When we visited Penang back in August, we were blown away by the vibrancy of the place, particularly the food! If you remember, we ate our way through most of the places mentioned in a blog called EatingAsia. Well, this year, my ambitions were the same – to my mind, Penang has the best food in Malaysia. However, we had a problem.
If you remember, back in February I developed gastritis which has since curtailed my gastronomic activity. Sadly, the things that make Malaysian food so scrummy are the very foods that the wise nutritionist I called on to help told me to avoid – chilli, fresh garlic and fresh ginger, among other things. Six weeks ago, the only foods that did not hurt my tum were bananas, white rice and porridge.
Last weekend, in Penang again, I managed to go to restaurants, drink wine and beer and discover a new favourite food – nutmeg!
Cecilia, a great Swedish friend, fellow writer, and now my nutritionist, came to my aid and I soon learned that there were more things to local ingredients than I had thought. Drumroll please, for the coconut. Coconut oil replaced my olive oil, coconut milk replaced my cream and with fresh turmeric available, herbs grown in the Genting Highlands and lemon grass costing pennies a bunch, I was soon inventing delicious recipes that made me happy to cook and eat.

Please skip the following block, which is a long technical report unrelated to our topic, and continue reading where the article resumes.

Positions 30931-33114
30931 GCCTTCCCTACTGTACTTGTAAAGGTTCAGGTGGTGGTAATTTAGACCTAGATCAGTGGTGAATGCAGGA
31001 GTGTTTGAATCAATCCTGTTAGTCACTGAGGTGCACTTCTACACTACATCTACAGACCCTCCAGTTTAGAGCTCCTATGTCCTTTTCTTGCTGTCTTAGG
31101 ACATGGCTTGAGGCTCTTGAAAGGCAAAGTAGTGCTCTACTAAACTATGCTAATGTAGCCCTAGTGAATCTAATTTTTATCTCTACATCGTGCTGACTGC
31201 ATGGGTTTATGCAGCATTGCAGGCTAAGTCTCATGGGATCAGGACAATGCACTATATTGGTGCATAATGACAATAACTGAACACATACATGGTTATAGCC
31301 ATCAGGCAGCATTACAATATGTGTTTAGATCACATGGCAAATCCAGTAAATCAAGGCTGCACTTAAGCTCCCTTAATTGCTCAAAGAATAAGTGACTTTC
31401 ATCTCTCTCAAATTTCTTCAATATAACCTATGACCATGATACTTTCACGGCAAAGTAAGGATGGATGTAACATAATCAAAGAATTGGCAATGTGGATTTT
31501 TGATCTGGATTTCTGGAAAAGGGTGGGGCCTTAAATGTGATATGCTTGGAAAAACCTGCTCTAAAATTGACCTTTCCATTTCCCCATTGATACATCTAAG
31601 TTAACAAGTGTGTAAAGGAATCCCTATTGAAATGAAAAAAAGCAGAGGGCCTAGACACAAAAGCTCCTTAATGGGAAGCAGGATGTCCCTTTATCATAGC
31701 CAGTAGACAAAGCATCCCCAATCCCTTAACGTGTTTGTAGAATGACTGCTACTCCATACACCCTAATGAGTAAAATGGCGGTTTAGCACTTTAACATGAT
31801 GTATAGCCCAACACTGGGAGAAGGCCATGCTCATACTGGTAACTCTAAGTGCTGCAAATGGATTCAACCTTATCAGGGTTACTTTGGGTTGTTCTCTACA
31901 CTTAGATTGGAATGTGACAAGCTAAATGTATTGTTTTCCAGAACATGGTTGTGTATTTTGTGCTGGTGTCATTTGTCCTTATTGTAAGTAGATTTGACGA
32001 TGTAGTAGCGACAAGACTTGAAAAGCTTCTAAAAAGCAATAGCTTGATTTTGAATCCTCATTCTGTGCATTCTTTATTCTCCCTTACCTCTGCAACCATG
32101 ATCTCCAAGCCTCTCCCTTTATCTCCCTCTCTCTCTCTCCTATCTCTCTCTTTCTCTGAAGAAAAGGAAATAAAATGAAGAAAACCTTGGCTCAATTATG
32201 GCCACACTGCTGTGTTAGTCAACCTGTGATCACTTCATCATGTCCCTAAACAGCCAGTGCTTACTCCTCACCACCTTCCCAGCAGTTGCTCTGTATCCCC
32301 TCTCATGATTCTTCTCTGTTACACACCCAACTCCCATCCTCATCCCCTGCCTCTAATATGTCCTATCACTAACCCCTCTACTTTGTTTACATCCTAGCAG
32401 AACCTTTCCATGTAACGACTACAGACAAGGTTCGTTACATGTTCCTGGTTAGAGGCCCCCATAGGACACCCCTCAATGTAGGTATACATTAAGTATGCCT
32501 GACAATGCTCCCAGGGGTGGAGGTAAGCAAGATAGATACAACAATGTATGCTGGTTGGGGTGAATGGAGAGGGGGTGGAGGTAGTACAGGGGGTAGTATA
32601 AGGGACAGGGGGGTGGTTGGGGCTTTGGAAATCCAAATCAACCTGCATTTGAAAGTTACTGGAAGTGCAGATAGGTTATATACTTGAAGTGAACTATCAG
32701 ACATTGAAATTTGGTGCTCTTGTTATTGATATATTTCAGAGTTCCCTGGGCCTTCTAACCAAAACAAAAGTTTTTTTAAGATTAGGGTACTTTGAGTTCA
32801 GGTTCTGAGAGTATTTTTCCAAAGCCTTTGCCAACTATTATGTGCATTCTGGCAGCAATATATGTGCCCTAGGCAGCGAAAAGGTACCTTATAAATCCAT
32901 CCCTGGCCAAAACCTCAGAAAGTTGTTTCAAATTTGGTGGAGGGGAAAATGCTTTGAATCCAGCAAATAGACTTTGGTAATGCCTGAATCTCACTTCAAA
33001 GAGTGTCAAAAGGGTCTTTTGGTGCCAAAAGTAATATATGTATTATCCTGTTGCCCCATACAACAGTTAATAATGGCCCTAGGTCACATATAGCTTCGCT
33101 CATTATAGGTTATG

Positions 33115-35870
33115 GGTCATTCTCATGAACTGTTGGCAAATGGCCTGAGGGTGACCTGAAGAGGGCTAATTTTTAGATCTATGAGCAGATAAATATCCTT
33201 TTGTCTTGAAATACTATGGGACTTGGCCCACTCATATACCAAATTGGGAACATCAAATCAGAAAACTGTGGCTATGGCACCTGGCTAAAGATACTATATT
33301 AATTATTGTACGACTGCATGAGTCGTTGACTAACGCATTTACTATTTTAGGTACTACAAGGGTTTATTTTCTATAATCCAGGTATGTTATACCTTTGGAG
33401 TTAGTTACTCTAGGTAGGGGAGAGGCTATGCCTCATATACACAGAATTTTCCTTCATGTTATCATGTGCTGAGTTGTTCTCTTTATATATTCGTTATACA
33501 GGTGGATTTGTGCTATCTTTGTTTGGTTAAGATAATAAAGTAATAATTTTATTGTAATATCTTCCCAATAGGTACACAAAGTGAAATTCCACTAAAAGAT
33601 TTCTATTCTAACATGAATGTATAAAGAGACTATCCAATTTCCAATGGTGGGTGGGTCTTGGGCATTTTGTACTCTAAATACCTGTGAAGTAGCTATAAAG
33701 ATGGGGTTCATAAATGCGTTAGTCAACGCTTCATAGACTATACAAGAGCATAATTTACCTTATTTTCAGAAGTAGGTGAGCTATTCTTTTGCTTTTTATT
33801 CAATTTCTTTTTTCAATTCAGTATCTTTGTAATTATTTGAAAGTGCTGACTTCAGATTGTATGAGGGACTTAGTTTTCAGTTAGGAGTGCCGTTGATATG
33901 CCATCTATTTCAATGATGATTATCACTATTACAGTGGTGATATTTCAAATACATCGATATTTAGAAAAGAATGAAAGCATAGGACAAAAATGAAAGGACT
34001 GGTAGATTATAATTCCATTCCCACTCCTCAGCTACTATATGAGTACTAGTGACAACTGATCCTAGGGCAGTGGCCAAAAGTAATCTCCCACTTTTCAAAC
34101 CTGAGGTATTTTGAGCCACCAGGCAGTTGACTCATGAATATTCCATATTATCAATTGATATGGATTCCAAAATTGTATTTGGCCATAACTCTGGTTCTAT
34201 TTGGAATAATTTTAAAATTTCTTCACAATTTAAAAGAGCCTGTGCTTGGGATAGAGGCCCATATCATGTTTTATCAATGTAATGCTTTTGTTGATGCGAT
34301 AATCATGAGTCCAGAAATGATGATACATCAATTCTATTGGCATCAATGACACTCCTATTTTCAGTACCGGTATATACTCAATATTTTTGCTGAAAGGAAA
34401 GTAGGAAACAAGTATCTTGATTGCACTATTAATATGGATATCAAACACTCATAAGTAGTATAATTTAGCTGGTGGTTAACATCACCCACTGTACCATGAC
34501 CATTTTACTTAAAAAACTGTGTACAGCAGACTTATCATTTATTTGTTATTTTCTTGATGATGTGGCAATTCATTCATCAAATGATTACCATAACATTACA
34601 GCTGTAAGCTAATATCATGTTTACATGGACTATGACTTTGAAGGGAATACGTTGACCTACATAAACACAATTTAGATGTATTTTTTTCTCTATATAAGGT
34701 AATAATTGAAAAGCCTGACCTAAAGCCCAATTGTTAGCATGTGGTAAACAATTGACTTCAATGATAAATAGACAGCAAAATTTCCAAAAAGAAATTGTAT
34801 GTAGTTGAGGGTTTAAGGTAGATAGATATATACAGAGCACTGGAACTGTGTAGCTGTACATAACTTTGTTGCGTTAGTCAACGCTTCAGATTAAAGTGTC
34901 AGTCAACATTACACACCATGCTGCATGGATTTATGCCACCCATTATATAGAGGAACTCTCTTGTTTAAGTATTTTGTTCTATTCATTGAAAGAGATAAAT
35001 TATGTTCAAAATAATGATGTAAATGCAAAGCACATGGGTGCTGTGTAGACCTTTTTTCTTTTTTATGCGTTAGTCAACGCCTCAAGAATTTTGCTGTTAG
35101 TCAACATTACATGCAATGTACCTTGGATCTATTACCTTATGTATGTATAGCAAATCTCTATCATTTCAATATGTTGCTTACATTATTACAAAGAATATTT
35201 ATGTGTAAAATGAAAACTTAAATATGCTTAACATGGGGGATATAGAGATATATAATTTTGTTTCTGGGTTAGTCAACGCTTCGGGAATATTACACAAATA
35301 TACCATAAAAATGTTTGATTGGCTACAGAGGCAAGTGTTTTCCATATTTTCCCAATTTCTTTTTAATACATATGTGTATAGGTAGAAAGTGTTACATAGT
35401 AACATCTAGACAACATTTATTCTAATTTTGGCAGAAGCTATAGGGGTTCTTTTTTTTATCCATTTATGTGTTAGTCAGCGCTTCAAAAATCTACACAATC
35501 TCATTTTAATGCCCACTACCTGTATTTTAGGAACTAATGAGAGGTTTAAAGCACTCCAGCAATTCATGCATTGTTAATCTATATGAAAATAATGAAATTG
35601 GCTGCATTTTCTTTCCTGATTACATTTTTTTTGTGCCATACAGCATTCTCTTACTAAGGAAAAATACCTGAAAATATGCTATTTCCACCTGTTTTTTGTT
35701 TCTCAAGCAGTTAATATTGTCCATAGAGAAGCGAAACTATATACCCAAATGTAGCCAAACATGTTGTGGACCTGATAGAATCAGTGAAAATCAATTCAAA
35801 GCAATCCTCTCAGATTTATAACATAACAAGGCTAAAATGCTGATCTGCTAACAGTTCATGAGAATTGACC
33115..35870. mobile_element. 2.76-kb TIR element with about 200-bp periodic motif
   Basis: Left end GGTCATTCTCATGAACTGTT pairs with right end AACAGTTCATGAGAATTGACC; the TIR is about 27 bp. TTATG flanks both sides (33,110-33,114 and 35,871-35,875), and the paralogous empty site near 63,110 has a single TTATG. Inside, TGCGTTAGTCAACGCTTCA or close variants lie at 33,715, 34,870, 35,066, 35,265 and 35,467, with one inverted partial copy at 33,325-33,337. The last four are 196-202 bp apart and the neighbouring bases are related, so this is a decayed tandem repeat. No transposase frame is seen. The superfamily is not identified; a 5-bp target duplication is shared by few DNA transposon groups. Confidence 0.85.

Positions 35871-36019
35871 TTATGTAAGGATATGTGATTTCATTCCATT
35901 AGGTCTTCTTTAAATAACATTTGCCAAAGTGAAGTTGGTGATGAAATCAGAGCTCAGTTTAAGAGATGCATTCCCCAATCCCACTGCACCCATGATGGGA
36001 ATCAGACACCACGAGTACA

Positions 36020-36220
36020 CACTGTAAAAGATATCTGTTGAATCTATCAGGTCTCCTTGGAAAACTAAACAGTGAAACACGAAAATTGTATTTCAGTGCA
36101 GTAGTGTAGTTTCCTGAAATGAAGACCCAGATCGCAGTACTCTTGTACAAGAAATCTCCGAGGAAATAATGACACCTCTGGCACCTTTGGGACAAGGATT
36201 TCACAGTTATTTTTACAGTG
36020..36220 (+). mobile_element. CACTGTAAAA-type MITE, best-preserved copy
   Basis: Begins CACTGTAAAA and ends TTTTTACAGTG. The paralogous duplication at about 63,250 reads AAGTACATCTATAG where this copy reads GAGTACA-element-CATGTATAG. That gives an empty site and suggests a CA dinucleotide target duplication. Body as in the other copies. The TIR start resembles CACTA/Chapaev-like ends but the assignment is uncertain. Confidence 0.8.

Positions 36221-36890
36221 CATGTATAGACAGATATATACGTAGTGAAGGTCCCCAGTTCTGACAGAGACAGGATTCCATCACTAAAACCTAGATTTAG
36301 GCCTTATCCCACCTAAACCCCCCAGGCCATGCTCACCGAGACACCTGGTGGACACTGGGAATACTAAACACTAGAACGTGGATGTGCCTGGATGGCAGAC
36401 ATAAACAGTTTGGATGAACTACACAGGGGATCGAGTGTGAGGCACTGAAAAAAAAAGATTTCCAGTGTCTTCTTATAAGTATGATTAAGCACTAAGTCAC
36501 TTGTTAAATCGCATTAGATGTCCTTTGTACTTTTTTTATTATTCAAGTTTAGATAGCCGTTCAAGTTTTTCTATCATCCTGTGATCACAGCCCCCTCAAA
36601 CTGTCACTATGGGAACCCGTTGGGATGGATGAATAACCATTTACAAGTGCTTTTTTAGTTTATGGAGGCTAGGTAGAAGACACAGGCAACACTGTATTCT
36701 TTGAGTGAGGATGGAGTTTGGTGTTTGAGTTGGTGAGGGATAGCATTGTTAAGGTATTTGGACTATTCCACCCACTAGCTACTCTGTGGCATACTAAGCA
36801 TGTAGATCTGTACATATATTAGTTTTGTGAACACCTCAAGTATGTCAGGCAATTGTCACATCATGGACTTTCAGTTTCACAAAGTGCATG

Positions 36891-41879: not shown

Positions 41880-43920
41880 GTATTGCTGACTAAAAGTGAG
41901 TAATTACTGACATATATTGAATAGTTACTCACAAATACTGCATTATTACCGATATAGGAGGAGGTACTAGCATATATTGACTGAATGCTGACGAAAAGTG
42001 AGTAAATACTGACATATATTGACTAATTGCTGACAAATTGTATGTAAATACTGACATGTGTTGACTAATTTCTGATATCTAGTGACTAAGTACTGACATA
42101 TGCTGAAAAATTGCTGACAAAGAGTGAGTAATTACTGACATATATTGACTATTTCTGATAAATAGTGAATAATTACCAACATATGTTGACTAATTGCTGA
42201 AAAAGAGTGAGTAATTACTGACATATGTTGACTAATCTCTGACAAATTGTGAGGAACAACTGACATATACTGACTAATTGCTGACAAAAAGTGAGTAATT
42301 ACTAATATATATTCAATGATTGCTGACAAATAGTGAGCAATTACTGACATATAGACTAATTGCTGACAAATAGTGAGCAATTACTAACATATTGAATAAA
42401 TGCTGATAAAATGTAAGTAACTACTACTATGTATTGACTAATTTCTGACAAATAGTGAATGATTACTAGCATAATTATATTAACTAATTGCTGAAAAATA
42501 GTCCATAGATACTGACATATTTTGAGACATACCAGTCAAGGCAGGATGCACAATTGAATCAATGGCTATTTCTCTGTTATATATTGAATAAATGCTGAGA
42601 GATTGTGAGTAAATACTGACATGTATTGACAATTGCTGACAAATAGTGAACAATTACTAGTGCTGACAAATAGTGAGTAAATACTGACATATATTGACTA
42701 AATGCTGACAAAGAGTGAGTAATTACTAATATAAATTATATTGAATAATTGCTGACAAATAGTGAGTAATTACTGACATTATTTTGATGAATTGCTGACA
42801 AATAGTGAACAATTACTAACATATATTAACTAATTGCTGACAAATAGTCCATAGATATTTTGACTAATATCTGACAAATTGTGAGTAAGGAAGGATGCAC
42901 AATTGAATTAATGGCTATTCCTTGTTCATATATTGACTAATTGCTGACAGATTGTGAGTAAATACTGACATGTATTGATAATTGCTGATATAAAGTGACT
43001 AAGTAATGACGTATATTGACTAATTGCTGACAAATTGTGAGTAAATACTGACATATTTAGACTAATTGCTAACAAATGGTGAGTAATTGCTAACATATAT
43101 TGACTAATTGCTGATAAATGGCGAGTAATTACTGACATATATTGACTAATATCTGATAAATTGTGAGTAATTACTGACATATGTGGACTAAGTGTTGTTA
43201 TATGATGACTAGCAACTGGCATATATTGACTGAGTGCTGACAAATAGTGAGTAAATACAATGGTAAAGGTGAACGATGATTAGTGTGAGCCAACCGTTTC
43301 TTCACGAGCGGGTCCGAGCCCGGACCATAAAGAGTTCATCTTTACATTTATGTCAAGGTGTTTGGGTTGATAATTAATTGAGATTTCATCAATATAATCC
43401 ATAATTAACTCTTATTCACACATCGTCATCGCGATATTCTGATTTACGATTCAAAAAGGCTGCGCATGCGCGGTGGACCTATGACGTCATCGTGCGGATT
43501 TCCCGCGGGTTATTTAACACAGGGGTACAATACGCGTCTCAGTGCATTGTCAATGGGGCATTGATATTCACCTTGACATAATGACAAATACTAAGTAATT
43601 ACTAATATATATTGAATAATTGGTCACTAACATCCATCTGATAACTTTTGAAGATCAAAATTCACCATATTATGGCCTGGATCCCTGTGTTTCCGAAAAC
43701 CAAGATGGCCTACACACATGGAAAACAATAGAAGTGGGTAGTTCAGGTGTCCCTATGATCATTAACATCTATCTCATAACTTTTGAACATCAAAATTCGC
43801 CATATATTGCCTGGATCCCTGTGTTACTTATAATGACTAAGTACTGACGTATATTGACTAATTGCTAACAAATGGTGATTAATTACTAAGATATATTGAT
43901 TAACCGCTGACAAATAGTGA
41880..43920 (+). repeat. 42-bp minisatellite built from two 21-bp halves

Ian has a new toy – an SLR camera – and this time we decided to stay in the centre of Georgetown, which is a UNESCO heritage site. Instead of a modern skyscraper hotel we opted for a converted Chinese shophouse. Ours was called Seven Terraces and has just 18 rooms created round a large central courtyard and made out of a row of shophouses . Apparently, there are over 4,000 such buildings left in Penang and the law forbids any change to their facades (apart from street art, it appears). As a result, the city gets more breathtakingly beautiful every time we visit.
The week before we left I was telling my friend Lucy about the trip. “You have to eat at the Seven Terraces,” she said. “Be sure to book but it is the best food in town.”
And so we booked.
On the way over to Penang I received a text from my friend, Beryl. “Don’t eat at the Seven Terraces,” she wrote. “My friend is from Penang and she says you eat better food outside.”
Oh well, now we’d booked and we weren’t going to unbook.
Lucy was right. The food was outstanding and unusual too. Who cares whether it had been modified for tourist palates, if it had, I didn’t notice. What I do know is that I’d never eaten betel leaf stuffed with roe and crabmeat before but now long to do so again. My passionfruit and coconut panacotta was heavenly and I couldn’t swear to the fact that Ping had not made almost exactly that dessert when she won UK Masterchef last year. With a residential pianist and violinist to entertain us, I could have eaten there every night.
But the purpose of this trip was not simply food. We wanted to take photographs and wander, visit a few sites and really get to know a place that had already enveigled its way under my skin.
Walking anywhere in Georgetown is slow. Sure, it’s darn hot, but the main reason for the slowness is not the heat, it’s the fact that, as Ian said, “there is a photo opportunity every five paces.” With street art in unexpected places, trendy cafés, shutters and facades spruced up and painted in the most luscious Farrow and Ball colours I would eat the buildings too if I could.